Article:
A look back at Apple's printers

Macs weren't the only hardware to come out of Cupertino before the iPod and iPhone came along. For nearly two decades, Apple offered its own line of printers as well. Here's a look back at some of the more memorable models.

Apple Printers Through the Years

From a period between 1980 and 1999, Apple sold numerous Apple-branded printers designed especially for use with its computers. A few were tailored for early machines like the Apple II, III, and Lisa, but the majority worked with Apple’s longest-running computer line, the Macintosh. Here’s a look back at some of the printers Apple produced over the years.

Apple Silentype (1980)

Apple designed the Silentype printer, which used special heat-sensitive paper, to work with the Apple II and Apple III computers. As a rebranded Trendcom Model 200 thermal printer, it required a custom interface designed by Apple. (Photo: Apple)

Apple Dot Matrix Printer (1982)

Apple derived its first dot matrix printer, seen here, from a model made by C. Itoh Enterprises. Apple marketed it for use with the Apple II, III, and Lisa computers. Around the same time, the company also offered a “letter quality” daisywheel printer (not shown). (Photo: Apple)

Apple Color Plotter & Apple Scribe (1984)

Apple released its first and only Apple-branded plotter (a type of printer that uses pens to draw lines on paper) around the same time as the first Macintosh. That same year, Apple also released the Apple Scribe to coincide with the Apple IIc’s introduction. It used a unique thermal wax transfer ribbon that consumers found expensive over time. (Photo: Apple)

Apple ImageWriter (1984)

>The ImageWriter, a modified C. Itoh 8510, marked a big step in Apple printers. Promoted primarily for use with the first Macintosh, Apple designed this popular dot-matrix to easily print the Mac’s rich on-screen graphics as well as text. (Photo: Apple)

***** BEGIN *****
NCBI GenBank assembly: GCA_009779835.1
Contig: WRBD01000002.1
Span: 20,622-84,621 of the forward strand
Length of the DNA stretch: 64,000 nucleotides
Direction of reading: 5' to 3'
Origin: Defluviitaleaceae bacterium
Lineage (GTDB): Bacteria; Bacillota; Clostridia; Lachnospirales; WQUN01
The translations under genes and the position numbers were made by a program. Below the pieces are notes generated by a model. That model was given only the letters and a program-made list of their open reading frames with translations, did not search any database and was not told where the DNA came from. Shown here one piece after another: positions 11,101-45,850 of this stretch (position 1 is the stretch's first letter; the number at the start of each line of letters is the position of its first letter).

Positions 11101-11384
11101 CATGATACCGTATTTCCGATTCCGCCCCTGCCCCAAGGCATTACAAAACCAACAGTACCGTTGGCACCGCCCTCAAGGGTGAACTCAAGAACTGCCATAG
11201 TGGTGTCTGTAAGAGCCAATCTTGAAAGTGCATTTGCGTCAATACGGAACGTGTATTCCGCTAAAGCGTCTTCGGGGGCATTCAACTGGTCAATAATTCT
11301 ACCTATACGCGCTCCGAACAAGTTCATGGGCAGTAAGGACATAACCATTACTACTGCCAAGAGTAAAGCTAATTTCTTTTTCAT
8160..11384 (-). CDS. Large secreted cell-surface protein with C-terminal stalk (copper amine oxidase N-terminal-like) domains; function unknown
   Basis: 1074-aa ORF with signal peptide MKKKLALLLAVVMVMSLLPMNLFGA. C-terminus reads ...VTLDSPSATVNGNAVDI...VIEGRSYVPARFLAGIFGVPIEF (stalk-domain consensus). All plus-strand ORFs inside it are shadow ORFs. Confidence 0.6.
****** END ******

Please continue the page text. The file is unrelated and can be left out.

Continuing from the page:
Apple ImageWriter II (1985)

Only a year after the first ImageWriter, Apple offered a significant update. The ImageWriter II proved faster and sturdier than its precursor, and it modernized the printer’s design to match the Snow White design language. Despite the heavy Apple design, it still used internal C. Itoh mechanisms. (Photo: Apple)

Apple LaserWriter (1985)

The first LaserWriter marked Apple’s entry into the Laser printer marketplace and, along with the Macintosh, sparked the desktop publishing revolution. (Photo: Apple)

Apple LaserWriter II Series (1988)

All members of the LaserWriter II series of laser printers shared the same main body style; most (like the IISC, IINT, and IINTX) were simply the same printers with swapped motherboards. (Photo: Apple)

Apple StyleWriter (1991)

Apple’s first inkjet printer, the StyleWriter, offered excellent graphical printing quality for a relatively low price compared to laser printers. (Photo: Apple)

Apple Personal LaserWriter NTR (1992)

In the early 1990s, Apple introduced a series of smaller laser printers with the “Personal” moniker. They provided less performance than their bigger (impersonal?) brothers of the main LaserWriter line, but were also much less expensive. (Photo: Apple)

Apple StyleWriter II (1993)

Apple improved upon its original inkjet printer with the StyleWriter II in 1993, which doubled the first StyleWriter’s printing speed. Soon, Apple would offer many other StyleWriter models — some in color. (Photo: Apple)

Apple Color Printer (1993)

Apple’s first color printer, seen here, was an inkjet model based on the Canon P691 Color Bubblejet printing engine. It proved expensive and relatively unpopular. (Photo: Apple)

Apple Color StyleWriter 6500 (1997)

During the mid-1990s, Apple released a number of Color StyleWriter printers that were simply rebadged members of the HP DeskJet 600 series, like the Color StyleWriter 6500 shown here (ironically, in black-and-white). (Photo: Apple)

The Final LaserWriters (1996, 1997)

The Apple LaserWriter 12/640 PS, Apple Color LaserWriter 12/660 PS, and Apple LaserWriter 8500 represent the end of the line for the LaserWriter series, and ultimately, with the 8500, the end of Apple-brand printers in 1997. It seems unlikely that Apple will ever re-enter the printer market, but stranger things have happened.